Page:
|HIV TEST AT 14 Weeks?/Canada and U.S.A. testing
Oct 2, 1996
At testing clinics throughout Canada they always reccomend that someone must wait 14 weeks after a possible exposure, prior to being tested. With all the conflicting information could it mean that little is understood about seroconversion? Could you provide me with figures for the number of people who test positive by 3 months if possible?
I'm sorry but being from Canada I'm having a hard time understanding why Canada gives people a negative test after 3 months and the U.S after 6 months. It just doesn't make sense to me...Canadian AIDS hotlines are telling callers that the states is saying that to cover their "butts", I really hope thats not true because unless you've gone through the waiting period for an HIV test result personally you so-called experts just don't understand. If this message sounds very negative I'm sorry but a friend of mine lost 1 year of his life worrying about HIV and to be be honest his biggest mistake was calling the CDC AIDS hotling, had he called the Canada AIDS hotline. He's fine thanks to calling.
| Response from Mr. Sowadsky
Hi. Thank you for your inquiry. Most of the confusion about waiting periods for getting tested is due to the fact that there are really 3 time points as to when people show positive on the test.
The AVERAGE period of time that an infected person will show positive on the test is 25 days. This is an average, so not all people will test positive by this point in time.
The USUAL period of time that an infected person will show positive on the test is 3 months. This means that most (but not all) infected people will show positive on the test by this time.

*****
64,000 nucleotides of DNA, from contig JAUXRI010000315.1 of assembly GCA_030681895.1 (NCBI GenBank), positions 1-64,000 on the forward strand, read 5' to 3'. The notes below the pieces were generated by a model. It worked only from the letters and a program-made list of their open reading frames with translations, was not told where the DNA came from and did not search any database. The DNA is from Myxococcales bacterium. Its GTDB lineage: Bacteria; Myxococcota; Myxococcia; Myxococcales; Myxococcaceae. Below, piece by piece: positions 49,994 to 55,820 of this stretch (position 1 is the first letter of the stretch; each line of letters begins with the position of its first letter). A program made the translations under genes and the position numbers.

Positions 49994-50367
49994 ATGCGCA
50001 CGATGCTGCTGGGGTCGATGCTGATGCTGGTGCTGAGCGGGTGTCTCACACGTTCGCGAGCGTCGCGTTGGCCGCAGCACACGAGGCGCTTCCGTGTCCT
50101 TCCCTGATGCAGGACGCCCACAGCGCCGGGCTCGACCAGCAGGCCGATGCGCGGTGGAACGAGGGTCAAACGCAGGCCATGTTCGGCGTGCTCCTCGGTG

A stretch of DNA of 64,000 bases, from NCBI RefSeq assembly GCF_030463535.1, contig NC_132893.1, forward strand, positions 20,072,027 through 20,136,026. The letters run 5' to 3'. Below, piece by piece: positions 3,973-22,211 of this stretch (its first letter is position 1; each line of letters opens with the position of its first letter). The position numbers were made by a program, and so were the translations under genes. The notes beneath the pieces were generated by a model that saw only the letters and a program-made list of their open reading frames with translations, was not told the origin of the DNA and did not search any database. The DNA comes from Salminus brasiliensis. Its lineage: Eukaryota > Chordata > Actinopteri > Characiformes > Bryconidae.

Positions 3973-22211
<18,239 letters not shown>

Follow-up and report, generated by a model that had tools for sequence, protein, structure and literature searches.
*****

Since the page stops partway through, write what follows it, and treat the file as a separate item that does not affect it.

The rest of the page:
The MAXIMUM period of time that an infected person will show positive on the test is 6 months. By this point in time, more than 99% of infected persons will show positive on the test. This is as accurate as any test in medicine could ever be.
In terms of the accuracy of the test at 3 months, the best statistic I've been able to find is that the percentage of accuracy is somewhere around the lower 90th percentile. It's difficult to get a hard core statistic on the accuracy beyond this lower 90th percentile. The true accuracy may vary from study to study, but if you think about it, even at this level, the tests would pick up the majority of infections. We can say that at 6 months, more than 99% of infected persons will show up positive on the test. So if a person tests negative at 3 months, they're probably not infected, although this would not be considered conclusive. But a 6 month test is the most accurate time to be tested.
Hotlines in the United States mention the 6 month waiting period to take into consideration all realistic circumstances as to when infected people seroconvert. We do agree that most (but not all) infected people will show positive on the test by 3 months. But in the USA, people are also told that taking up to 6 months can realistically happen, although this is not very common.
I know what it's like to have to wait to be tested. I personally have been tested through my private physician, through the local health department, and even by the new home HIV tests. I've taken these tests so I personally understand what people go through when they get tested by all 3 ways. So I know first hand what it's like to have to wait 6 months!
I'm sorry you feel so negative about the American position on HIV testing. But I have to agree with the CDC National AIDS Hotline's position that a 6 month test is the most accurate.
If you have any further questions, please feel free to call the Centers for Disease Control at 1.800.232.4636 (Nationwide). Rick Sowadsky MSPH CDS
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